Arvind Kejriwal Apology Triggers Resignations, Heartburn And Barbs

Arvind Kejriwal's has apologised to former Punjab Revenue Minister Bikram Majithia, who he had repeatedly called "Punjab's drug lord" during campaigning for last year's assembly election.


Arvind Kejriwal's apology has also provoked AAP's ally, Lok Insaaf Party, to break its alliance.



  1. With Kejriwal apology to ex-Punjab minister, AAP launched atonement spree
  2. Party and leaders are embroiled in dozens of defamation suits
  3. But move triggers backlash within, key leaders resign from posts
Arvind Kejriwal's desperate attempt to wriggle out of his legal troubles with an apology to Akali Dal's Bikram Singh Majithia appears to be hurtling his Aam Aadmi Party towards a huge crisis in Punjab. Aman Arora, a senior AAP leader in Punjab, on Friday tweeted his resignation from the party post to protest the Delhi Chief Minister's retraction.

Mr Arora, co-president of AAP's Punjab unit, said he was quitting from the leadership role "due to painful turn of events since yesterday".

Bhagwant Mann, who was appointed AAP's Punjab chief less than a year ago, had announced his resignation from the top post just hours earlier. "I'm resigning as a president of AAP Punjab," Mr Mann tweeted.

"But my fight against drug mafia and all kind of corruption in Punjab will continue as an "Aam Aadmi", Mr Mann, one of the three leaders to have been elected to the Lok Sabha in the 2014 elections said.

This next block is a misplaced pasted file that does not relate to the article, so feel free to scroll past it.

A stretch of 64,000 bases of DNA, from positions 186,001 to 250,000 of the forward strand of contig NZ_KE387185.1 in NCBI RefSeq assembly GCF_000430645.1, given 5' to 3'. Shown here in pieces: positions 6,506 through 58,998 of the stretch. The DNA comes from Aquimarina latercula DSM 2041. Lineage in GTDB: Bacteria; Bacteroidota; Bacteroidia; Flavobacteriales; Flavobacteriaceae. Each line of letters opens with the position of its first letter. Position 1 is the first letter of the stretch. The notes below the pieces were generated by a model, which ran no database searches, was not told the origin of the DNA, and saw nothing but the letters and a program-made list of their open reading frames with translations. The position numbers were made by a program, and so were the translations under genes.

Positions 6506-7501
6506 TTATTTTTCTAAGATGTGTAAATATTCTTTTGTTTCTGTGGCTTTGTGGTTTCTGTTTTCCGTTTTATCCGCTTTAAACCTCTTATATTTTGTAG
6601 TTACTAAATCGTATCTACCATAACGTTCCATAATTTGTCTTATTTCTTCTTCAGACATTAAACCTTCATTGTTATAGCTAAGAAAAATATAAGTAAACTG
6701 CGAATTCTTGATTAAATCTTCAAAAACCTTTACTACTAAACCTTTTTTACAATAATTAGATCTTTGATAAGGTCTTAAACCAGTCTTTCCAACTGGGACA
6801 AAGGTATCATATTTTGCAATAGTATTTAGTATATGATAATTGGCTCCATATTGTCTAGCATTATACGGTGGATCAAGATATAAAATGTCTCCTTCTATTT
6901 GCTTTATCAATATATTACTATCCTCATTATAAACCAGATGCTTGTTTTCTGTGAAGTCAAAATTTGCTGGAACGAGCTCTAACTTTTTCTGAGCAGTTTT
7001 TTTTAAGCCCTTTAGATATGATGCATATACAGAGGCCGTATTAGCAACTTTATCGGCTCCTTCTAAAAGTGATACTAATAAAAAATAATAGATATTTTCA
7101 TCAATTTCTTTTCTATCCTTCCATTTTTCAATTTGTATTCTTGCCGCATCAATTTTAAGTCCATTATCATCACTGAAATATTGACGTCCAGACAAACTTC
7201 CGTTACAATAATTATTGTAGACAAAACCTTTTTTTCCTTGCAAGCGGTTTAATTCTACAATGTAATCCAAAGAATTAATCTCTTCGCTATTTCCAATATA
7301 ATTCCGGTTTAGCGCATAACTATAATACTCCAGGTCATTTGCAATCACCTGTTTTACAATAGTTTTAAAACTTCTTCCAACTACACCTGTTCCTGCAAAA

A few hours later, Lok Insaaf Party which has been in alliance with AAP in Punjab, also dumped Arvind Kejriwal's party. "We have announced to break our alliance with the AAP. We cannot be associated with a party whose main leader meekly surrendered by tendering apology to former minister Bikram Singh Majithia," Simarjeet Singh Bains said.

Sukhpal Singh Khaira, Leader of Opposition in the assembly, was the first to snub his party boss. "We're appalled and stunned," he had said.

Mr Kejriwal's offer of regret to former Punjab Revenue Minister Bikram Majithia, who he had repeatedly called Punjab's drug lord during campaigning for last year's assembly election, was meant to be the template on how party leaders should "amicably sort out" defamation cases filed against them.

But large sections of AAP leaders feel that while this might be sound legal advice but was a political disaster and would erode the credibility of its leadership.

Particularly because Bikram Majithia is not just another Akali Dal leader.

Mr Majithia is a member of the family that ran Punjab for a decade; he is the brother-in-law of then Deputy Chief Minister Sukhbir Singh Badal and Union Minister Harsimrat Kaur Badal's younger brother. The attacks on Bikram Majithia were seen to be targeting the Badal family that had ruled Punjab for a decade and was being challenged by AAP, India political start-up.

Harsimrat Kaur Badal told NDTV that Mr Kejriwal's apology had "thoroughly exposed" him.

She calls it a classic example of the kind of election campaigns run by AAP where they built up the entire momentum of its campaign on falsehood.

AAP wasn't entirely able to capitalise on the aggressive campaign that it had run and it was eventually the Amarinder Singh-led Congress which was able to convert the public anger against the Akali Dal government into electoral support.

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